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Telling People They’re Not Good Enough

Posted by on Jan 23, 2012 | 7 Comments

Blooger formula for remaining mysterious: Write a post one day, then completely contradict yourself the next day.

Works like a charm.  🙂

Yesterday I wrote a post about not allowing people to stand in the way of your dreams.  I strongly believe in this idea.  HOWEVER, does it mean we can do anything?

Probably not… especially if we play by the rules.  I’m not going to play Major League Baseball or become a surgeon.  You’re not going to bench press 2,000 pounds.  You can dramatically expand your potential by circumventing the rule-makers and gatekeepers, but there’s still probably limits.

When I was a teacher, I’d run into this situation often.  I’d have a student that had a completely unrealistic dream.  A good example- I had a student that wanted to be a veterinarian, which is great.  The problem- the kid could barely read.  He actually had trouble spelling his last name.  He should have been a senior, but only earned two of the required 21 credits needed to graduate.  I didn’t discourage him, but I didn’t give him a generic “You can do anything you try hard enough!” speech.

This kid wasn’t going to college, let alone getting into medical school.  So how should we handle these situations?

As a society, we’ve become obsessed with giving generic “You can do it!” and “You tried, therefore you deserve the prize” responses.  Somewhere along the line we decided we have a self-esteem crisis.  We started rewarding people for participation, not performance.  We started giving trophies to the winners and losers.

It makes everybody feel good.

It also ruins our ability to self-assess.

Back to my teaching days.  I used to teach AP psychology.  The class was designed to prepare kids for the AP test.  It required memorizing a HUGE amount of information and regurgitating it on a test (a horrible idea, by the way).  Kids would study.  They’d take the test.  Some did great.  Others failed miserably.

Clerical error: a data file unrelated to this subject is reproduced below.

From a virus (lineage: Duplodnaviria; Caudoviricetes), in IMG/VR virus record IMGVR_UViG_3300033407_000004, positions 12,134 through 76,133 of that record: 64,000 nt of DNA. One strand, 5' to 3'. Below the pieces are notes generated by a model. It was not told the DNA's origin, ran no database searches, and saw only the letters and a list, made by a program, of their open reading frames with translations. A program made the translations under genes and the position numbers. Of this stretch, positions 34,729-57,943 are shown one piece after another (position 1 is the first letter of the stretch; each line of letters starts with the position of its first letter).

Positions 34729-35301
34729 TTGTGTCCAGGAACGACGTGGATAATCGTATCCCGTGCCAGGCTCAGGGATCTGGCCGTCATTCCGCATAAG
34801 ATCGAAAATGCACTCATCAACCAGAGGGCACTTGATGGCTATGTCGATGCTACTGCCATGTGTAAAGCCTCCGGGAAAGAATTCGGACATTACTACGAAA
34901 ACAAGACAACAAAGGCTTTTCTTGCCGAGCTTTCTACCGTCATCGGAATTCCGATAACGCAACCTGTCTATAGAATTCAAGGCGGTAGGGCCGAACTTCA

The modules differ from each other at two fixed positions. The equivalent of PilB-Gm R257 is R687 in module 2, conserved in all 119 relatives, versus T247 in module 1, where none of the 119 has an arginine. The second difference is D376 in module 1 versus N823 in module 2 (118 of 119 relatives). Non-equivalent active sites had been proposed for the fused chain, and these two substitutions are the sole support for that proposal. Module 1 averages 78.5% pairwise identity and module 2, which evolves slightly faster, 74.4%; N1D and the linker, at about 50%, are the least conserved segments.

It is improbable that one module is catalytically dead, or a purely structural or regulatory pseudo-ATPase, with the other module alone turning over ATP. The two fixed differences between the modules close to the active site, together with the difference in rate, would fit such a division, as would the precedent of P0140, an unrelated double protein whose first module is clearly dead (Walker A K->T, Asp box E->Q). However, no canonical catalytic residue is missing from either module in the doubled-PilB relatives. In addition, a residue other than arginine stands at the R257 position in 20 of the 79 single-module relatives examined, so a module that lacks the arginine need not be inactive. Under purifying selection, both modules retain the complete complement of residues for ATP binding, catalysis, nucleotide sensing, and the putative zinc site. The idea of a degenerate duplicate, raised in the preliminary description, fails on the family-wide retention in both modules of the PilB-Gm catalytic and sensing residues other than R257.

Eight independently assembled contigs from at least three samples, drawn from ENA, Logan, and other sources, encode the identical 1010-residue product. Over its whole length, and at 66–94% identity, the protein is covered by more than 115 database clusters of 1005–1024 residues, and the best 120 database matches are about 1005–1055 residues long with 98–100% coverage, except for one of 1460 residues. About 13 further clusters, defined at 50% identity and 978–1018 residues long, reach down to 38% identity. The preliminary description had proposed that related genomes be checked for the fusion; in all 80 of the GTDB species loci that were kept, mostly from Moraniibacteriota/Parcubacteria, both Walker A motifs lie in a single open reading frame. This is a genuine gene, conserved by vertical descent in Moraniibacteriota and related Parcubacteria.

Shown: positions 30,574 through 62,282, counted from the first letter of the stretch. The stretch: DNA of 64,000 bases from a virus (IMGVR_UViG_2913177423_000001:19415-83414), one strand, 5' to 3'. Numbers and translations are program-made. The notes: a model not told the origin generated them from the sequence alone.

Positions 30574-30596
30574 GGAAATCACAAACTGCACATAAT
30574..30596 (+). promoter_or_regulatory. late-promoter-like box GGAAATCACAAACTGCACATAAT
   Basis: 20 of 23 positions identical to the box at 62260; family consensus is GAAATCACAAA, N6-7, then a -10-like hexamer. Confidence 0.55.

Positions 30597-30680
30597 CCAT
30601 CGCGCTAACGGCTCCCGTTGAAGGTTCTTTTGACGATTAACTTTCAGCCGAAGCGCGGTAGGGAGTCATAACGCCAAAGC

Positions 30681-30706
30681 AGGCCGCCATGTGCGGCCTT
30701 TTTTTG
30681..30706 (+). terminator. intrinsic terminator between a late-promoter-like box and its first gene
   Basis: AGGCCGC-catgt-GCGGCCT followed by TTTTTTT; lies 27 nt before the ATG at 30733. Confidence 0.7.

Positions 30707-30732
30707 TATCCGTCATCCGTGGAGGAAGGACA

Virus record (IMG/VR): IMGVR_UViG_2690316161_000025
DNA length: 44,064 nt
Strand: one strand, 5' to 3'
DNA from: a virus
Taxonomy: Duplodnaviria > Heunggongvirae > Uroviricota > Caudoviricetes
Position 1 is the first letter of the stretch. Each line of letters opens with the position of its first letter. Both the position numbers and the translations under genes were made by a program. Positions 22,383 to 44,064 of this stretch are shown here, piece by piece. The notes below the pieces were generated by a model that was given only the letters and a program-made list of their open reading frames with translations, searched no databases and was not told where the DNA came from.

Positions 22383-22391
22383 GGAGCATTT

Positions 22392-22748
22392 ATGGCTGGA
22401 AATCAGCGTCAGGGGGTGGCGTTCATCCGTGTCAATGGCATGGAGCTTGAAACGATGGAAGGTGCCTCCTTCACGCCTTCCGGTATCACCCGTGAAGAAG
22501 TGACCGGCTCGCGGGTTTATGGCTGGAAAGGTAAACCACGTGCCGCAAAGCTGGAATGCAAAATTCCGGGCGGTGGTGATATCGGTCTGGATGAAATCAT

The kids that bombed had the same basic response- they were pissed they got a bad grade because they studied.  They assumed if they went through the motions of studying they deserved the good grade.  Participation was enough to warrant the same grade as the kids that atually answered the questions correctly.  They had absolutely no ability to critically examine their study habits and adjust course.

They had fully internalized the idea that participation would always result in success.

And that idea is probably going to ruin our country.  But I digress…

So how should we deal with others that have clearly unrealistic goals?  As parents, teachers, coaches, and mentors, we need to consider the issue.

Here’s my recommendation- honest, accurate feedback coupled with reinforcing the idea that almost anything is possible with creative problem-solving.

Let’s say my daughter comes to me and wants to be an astronaut.  I could tell her there’s no way she can overcome those odds and might as well aim lower. I’ll crush her dream and instill the idea that she might as well not even try.

Or I could tell her she can do anything because she’s super-smart, then watch helplessly as she encounters the gatekeepers that will keep her from reaching that goal.